They give you a temper of the will, a quality of the imagination, a vigor of the emotions, a
freshness of the deep springs of life, a temperamental predominance of courage over timidity,
of an appetite for adventure over love of ease. They create in your heart the sense of wonder,
the unfailing hope of what next, and the joy and inspiration of life. They teach you in this way
to be an officer and a gentleman.
And what sort of soldiers are those you are to lead? Are they reliable? Are they brave? Are
they capable of victory? Their story is known to all of you. It is the story of the American manatarms.
My estimate of him was formed on the battlefield many, many years ago, and has
never changed. I regarded him then as I regard him now as
one of the world's noblest
figures, not only as one of the finest military characters, but also as one of the most stainless.
His name and fame are the birthright of every American citizen. In his youth and strength, his
love and loyalty, he gave all that mortality can give.
He needs no eulogy from me or from any other man. He has written his own history and
written it in red on his enemy's breast. But when I think of his patience under adversity, of his
courage under fire, and of his modesty in victory, I am filled with an emotion of admiration I
cannot put into words. He belongs to history as furnishing one of the greatest examples of
successful patriotism. He belongs to posterity as the instructor of future generations in the
principles of liberty and freedom. He belongs to the present, to us, by his virtues and by his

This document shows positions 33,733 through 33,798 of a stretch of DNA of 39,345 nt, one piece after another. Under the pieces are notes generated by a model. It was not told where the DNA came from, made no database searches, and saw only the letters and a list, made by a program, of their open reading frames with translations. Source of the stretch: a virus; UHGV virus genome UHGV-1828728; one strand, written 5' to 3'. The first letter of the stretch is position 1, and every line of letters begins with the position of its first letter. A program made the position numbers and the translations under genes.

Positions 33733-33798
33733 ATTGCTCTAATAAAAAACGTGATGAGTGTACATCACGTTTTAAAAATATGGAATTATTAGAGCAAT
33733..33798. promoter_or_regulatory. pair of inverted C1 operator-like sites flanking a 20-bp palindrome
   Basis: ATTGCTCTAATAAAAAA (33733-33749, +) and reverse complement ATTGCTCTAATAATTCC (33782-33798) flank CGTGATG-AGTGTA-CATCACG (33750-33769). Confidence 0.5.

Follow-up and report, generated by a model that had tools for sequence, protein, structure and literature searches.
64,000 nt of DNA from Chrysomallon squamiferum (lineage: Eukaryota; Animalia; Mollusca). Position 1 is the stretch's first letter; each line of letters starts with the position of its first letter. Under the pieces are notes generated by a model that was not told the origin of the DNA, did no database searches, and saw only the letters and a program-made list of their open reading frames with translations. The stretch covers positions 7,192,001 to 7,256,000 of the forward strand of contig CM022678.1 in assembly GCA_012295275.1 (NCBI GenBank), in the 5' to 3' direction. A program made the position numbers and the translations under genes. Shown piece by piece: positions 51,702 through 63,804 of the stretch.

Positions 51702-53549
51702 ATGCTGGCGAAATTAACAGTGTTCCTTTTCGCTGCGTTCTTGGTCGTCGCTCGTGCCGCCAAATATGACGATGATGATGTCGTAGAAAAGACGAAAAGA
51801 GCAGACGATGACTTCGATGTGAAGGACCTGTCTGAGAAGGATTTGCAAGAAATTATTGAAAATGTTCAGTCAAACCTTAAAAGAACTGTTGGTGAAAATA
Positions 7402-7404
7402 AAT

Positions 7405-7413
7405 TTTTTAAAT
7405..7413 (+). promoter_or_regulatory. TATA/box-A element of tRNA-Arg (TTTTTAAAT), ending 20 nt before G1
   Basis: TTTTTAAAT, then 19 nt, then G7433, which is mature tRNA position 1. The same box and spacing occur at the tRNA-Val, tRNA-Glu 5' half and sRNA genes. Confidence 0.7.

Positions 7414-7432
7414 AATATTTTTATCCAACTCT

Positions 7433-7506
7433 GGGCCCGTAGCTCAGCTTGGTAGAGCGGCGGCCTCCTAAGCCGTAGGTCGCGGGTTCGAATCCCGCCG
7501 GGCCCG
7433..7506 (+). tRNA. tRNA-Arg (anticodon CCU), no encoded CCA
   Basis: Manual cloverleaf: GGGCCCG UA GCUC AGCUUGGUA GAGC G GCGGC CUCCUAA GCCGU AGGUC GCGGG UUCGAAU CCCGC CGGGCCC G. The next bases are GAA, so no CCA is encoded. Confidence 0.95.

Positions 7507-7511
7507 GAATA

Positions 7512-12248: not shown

achievements. In 20 campaigns, on a hundred battlefields, around a thousand campfires, I
have witnessed that enduring fortitude, that patriotic selfabnegation,
and that invincible
determination which have carved his statue in the hearts of his people. From one end of the
world to the other he has drained deep the chalice of courage.
As I listened to those songs [of the glee club], in memory's eye I could see those staggering
columns of the First World War, bending under soggy packs, on many a weary march from
dripping dusk to drizzling dawn, slogging ankledeep
through the mire of shellshocked
roads,
to form grimly for the attack, bluelipped,
covered with sludge and mud, chilled by the wind
and rain, driving home to their objective, and for many, to the judgment seat of God.
I do not know the dignity of their birth, but I do know the glory of their death. They died
unquestioning, uncomplaining, with faith in their hearts, and on their lips the hope that we
would go on to victory. Always, for them: Duty, Honor, Country? always their blood and sweat
and tears, as we sought the way and the light and the truth.
And 20 years after, on the other side of the globe, again the filth of murky foxholes, the
stench of ghostly trenches, the slime of dripping dugouts? those boiling suns of relentless
heat, those torrential rains of devastating storms? the loneliness and utter desolation of jungle